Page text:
Speaking of backup, I'm always surprised how few non-technical people know about online backup services, especially for laptop users. I thought Carbonite and Mozy had penetrated the consumer consciousness, but evidently not. It seems only about 10 per cent of consumer groups I speak to can name either one, or any other online backup service. That's a shame, because for about $50 per year, laptop owners can protect all their data easily and automatically.
I didn't have time to get into how the new security rules for companies taking credit cards might apply to laptops: if you use your laptop for a mobile cash register at events and take credit cards, the disk on that laptop must be encrypted. Well, technically, the credit card information must be encrypted. If the laptop only connects to another location, such as the accounting program back at the office, then the laptop disk doesn't have to be encrypted according to the payment card industry. But since almost everyone with a laptop tells their browser to "save this password" that means anyone finding or stealing that laptop has easy access to the company accounting program. Maybe full disk encryption for laptops carrying such information is a good idea after all.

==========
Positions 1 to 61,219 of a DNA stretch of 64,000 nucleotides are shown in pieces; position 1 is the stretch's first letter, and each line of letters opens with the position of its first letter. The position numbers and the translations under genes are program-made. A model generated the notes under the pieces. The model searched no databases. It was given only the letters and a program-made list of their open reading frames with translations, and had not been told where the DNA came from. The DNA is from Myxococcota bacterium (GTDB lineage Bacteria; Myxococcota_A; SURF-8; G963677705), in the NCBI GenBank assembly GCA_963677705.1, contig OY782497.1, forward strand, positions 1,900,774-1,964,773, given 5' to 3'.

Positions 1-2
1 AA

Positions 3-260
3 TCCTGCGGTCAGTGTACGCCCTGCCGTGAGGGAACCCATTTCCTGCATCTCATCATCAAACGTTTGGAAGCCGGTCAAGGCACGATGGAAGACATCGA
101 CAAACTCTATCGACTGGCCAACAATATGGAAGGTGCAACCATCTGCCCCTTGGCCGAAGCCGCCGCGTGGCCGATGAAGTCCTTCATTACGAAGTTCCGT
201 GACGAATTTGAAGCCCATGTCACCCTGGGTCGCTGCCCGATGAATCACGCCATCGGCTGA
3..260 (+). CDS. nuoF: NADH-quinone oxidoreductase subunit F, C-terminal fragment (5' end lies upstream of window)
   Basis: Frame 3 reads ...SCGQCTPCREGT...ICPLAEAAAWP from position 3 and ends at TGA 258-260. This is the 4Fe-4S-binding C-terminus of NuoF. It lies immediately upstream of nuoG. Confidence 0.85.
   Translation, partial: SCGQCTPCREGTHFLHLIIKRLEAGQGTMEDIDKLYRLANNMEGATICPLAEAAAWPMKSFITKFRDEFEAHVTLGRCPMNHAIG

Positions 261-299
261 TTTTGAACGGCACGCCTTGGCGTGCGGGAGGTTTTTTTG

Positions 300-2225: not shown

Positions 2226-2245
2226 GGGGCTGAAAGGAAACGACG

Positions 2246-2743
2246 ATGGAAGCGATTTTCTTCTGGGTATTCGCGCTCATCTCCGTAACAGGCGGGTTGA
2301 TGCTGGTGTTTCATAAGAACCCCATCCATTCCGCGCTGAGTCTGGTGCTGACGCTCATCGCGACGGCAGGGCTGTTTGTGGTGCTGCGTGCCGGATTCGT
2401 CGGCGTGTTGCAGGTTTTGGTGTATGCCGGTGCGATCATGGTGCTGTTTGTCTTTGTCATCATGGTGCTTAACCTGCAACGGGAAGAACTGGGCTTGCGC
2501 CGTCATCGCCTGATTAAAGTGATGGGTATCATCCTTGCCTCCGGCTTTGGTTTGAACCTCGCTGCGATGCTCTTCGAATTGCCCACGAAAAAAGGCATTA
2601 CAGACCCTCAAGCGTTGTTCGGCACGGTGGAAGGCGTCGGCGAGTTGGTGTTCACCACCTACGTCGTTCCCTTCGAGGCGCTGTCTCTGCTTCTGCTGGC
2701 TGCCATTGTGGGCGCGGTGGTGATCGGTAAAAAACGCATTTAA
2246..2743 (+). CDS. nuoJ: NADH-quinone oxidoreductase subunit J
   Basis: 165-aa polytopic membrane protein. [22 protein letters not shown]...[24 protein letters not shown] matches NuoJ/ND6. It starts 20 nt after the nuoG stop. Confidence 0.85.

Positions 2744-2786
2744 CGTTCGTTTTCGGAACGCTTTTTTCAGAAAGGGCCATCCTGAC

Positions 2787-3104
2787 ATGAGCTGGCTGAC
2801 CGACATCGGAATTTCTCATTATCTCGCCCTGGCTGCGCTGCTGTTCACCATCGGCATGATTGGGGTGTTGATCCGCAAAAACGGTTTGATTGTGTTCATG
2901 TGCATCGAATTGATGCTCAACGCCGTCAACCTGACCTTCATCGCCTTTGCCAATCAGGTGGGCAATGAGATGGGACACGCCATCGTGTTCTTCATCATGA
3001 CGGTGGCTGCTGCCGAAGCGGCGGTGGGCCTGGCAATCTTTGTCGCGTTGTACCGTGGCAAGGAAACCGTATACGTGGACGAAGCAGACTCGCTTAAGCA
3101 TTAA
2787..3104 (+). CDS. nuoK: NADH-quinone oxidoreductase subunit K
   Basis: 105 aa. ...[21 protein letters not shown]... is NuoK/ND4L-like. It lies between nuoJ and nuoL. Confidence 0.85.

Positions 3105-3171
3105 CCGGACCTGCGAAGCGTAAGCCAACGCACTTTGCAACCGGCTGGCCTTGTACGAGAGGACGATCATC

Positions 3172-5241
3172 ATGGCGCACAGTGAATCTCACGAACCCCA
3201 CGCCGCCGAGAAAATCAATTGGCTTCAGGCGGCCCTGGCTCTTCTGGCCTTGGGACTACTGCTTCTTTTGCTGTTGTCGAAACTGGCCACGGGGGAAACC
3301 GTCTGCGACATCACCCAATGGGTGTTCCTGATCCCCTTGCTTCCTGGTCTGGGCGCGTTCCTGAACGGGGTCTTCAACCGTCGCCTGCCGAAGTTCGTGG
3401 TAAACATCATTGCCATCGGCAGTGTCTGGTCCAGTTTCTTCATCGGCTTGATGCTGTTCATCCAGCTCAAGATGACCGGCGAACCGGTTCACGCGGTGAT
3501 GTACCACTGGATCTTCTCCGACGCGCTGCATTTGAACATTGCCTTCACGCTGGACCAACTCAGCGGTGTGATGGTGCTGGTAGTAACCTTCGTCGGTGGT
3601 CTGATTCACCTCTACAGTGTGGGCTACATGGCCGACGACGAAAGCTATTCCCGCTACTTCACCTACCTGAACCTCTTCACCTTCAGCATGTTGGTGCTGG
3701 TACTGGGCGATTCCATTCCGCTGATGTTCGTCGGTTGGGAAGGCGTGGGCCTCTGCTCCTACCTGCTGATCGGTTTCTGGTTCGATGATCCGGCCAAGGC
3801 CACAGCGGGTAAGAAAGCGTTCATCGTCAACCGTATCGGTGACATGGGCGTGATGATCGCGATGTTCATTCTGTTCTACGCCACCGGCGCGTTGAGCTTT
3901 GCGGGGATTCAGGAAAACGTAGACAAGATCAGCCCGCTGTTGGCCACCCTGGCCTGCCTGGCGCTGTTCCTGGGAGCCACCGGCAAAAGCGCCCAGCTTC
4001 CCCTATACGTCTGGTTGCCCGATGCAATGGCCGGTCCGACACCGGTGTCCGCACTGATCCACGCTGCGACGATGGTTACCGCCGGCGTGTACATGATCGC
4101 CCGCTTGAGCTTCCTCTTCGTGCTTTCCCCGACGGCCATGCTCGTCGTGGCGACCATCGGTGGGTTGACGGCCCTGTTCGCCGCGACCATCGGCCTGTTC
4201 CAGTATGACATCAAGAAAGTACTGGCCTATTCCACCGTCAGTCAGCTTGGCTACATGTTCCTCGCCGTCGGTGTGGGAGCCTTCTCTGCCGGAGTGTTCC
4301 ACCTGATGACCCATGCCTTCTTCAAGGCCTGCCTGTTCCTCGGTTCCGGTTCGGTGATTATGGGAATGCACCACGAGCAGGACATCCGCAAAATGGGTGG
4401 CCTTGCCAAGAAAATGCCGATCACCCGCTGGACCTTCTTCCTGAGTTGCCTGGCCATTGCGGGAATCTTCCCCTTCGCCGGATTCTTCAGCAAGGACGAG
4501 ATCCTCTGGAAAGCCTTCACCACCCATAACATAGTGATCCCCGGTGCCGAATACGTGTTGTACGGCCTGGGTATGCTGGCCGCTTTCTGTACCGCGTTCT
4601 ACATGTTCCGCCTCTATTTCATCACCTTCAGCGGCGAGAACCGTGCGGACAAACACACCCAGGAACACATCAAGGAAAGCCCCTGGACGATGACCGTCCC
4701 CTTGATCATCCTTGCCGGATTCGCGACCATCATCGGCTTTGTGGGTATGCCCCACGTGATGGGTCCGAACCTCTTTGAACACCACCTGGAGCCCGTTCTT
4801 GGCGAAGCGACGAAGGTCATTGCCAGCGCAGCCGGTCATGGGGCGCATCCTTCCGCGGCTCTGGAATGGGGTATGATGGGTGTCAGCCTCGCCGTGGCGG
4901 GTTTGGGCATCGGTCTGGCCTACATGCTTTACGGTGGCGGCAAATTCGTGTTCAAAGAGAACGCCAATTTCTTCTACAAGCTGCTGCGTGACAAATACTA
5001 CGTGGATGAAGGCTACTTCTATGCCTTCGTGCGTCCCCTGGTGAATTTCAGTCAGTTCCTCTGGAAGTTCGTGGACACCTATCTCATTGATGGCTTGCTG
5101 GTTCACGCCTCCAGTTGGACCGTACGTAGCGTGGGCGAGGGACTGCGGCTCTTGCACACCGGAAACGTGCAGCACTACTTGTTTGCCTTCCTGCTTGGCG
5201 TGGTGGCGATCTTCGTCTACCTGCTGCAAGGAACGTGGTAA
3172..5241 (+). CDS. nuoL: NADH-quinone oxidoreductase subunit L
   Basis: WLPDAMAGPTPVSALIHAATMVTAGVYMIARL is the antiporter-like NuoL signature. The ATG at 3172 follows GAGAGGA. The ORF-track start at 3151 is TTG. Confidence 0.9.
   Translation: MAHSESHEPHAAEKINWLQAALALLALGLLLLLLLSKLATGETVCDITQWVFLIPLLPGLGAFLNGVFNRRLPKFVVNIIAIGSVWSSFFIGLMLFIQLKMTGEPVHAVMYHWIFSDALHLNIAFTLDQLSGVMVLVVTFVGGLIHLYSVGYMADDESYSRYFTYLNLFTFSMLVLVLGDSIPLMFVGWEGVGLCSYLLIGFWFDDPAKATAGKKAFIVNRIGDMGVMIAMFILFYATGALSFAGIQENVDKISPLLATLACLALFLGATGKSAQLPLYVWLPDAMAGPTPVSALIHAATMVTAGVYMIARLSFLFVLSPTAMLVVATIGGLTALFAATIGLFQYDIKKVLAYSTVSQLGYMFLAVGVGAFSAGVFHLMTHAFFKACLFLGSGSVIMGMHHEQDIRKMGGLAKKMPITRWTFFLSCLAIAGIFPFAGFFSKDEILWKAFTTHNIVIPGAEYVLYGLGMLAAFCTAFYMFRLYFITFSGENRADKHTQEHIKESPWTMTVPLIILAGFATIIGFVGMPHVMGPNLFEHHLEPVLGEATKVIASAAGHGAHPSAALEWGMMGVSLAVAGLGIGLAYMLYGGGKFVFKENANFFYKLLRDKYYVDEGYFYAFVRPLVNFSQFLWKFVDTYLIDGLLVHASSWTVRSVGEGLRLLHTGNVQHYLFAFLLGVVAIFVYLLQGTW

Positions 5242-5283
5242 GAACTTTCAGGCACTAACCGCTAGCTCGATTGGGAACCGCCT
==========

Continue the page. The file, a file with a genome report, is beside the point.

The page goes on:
Laptops remain one of the biggest security problems for companies, because they travel and can therefore get lost or stolen. Try to keep your laptop under control, secure, and avoid hackers in coffee shops.